I wrote a post once about the difficulties of the mentally ill in finding and keeping jobs, how little employers think about hiring them, and how a mental disorder must often be kept secret if employment is to continue. And all that despite legal protections that are unknown or ignored. I received a vitriolic response that “those people” shouldn’t be hired, much less be promoted above and be supervising other employees like the writer. I couldn’t answer it, for fear of my keyboard bursting into flames.
There is no doubt that there is a stigma surrounding mental illness. People with mental disorders are blamed whenever gun violence occurs, even though the mentally ill are more likely to be victims than perpetrators. We are often considered to be violent, disruptive, and incurable – when we’re not ignored completely, especially in health care planning and treatment options.
The stigma even adheres to people around us. Mental disorders are still often linked in the media (particularly true crime books) to dominating or cold mothers, ineffectual or authoritarian fathers, and incest or abuse from any family members. While many mental illnesses have at least a genetic component, blaming the parents or family is an easy explanation that doesn’t hold water. Family or other kinds of trauma may cause psychological problems, but they don’t cause disorders such as schizophrenia and bipolar.
These falsehoods have wide circulation and many – perhaps most – people believe them. They are perpetuated by the media and by lack of knowledge about the realities of mental illness.
Part of the problem is how people find out about mental illness. Largely, mental illness is an “invisible illness.” Most people know little about it until it touches them or their family in some way. Even then, misinformation and prejudices against the mentally ill may impede or delay treatment and devastate families and other relationships.
Books, movies, and television are little help. The drama and horror of the “psycho killer” drive the plots of many kinds of “entertainment.” Even programs that try to present a more balanced view of mental illness do not have a great track record of getting it right, often perpetuating stereotypes even when they don’t intend to. Among these notions are that psychotherapy lasts forever, medications don’t work or create zombie-like affect, treatments are brutal, hospitalization is for psychotics and schizophrenics only, and the mentally ill are an occasion of comedy.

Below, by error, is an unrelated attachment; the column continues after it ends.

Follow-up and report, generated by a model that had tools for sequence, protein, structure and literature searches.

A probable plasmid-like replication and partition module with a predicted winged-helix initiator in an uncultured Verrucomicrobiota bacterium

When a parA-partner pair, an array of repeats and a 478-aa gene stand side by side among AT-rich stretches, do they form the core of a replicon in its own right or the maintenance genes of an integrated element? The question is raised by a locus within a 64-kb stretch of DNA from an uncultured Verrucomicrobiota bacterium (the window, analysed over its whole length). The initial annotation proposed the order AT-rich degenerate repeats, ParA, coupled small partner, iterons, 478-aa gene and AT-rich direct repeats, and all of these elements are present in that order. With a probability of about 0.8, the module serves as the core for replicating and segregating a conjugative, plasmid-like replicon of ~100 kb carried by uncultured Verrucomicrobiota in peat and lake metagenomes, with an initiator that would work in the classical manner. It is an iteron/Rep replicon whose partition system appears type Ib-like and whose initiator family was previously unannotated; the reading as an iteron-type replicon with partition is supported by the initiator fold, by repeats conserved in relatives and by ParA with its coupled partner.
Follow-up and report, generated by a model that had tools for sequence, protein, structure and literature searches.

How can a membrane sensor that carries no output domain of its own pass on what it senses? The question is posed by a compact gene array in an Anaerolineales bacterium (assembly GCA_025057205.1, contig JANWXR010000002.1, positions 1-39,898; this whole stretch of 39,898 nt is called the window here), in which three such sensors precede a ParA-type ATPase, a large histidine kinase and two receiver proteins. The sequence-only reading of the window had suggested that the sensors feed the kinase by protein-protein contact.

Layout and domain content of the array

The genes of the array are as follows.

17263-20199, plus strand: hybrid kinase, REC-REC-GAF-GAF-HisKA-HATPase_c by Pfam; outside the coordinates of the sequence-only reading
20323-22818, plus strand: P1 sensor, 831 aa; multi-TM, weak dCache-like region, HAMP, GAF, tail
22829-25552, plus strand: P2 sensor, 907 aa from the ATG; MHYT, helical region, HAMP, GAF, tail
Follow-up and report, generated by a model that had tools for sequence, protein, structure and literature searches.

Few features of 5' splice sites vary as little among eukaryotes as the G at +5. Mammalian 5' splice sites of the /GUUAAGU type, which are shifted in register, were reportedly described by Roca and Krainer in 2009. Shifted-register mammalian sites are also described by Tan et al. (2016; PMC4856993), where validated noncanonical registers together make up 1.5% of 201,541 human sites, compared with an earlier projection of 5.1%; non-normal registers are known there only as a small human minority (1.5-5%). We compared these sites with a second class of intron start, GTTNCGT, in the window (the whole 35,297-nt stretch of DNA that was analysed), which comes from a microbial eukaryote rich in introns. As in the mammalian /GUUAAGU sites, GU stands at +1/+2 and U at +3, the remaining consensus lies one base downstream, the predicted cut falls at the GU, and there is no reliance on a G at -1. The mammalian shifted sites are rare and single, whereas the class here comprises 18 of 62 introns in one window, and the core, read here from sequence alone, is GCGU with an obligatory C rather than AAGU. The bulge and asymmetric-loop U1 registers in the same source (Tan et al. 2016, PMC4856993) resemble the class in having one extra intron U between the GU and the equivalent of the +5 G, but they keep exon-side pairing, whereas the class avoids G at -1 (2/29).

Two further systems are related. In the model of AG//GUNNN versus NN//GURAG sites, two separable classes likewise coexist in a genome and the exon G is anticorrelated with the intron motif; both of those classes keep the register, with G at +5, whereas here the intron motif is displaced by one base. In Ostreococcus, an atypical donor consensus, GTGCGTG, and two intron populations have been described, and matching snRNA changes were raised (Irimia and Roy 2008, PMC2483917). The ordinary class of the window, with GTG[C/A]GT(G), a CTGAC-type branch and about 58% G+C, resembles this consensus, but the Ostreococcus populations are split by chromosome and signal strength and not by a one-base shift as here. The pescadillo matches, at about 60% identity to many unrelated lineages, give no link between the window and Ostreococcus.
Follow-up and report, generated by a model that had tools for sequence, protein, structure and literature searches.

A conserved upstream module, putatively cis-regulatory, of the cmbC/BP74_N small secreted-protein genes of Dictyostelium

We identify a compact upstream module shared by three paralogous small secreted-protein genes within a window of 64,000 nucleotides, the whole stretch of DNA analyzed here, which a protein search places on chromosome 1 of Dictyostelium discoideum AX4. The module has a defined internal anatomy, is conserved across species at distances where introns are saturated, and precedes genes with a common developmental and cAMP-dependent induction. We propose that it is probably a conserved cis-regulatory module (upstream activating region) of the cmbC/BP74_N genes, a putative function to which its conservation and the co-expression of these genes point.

Then there’s suicide. The mixed messages about that are incredible. Suicide is cowardly. It’s easy. It’s noble. It’s a viable solution to problems. It is usually interrupted. The suicidal give no indications. Most suicides are successful. Bullying causes suicide. Teens, bankrupt businessmen (it’s almost always men), and people who have terminal illnesses are the most likely to die by suicide.
Yes, there are messages that promote understanding of mental illness and those who have mental disorders. Celebrities like Glenn Close and Carrie Fisher have used their star-power and their personal experiences to shine a spotlight on the subject. Unfortunately, 60-second PSAs aren’t the best vehicles for explaining complex and difficult problems that affect people in so many different ways. Autobiographies are better, but given how few Americans read these days (and the thrillers and romances they choose), how much of the message makes it out to the general populace?
Most of us with mental illness are talking primarily to each other. There’s nothing inherently wrong with that; in fact, it’s necessary to support one another and share information about our personal struggles and what has helped us survive and heal.
But more coordinated public information campaigns are needed. Think about Susan G, Komen and other organizations promoting awareness of breast cancer. Think how many Facebook messages you see about lost dogs or endangered wild horses. Think how schoolchildren are learning about protecting the environment and saving dolphins, whales, and pandas. Hell, people know about the Girl Scouts primarily through cookie sales and the Salvation Army primarily through Santa-clad bell ringers.
The truth is, stigma will continue until we educate the general populace about mental illness – until they understand that it’s an illness like many others, with treatments and hope available, and a need for research, and places to find help.
Unfortunately, those kinds of efforts require money, and organization, and leadership, three things that are sorely lacking in society as we know it.
Do I have the answers? No. But I’ll keep talking about mental illness and hope some people listen. And act.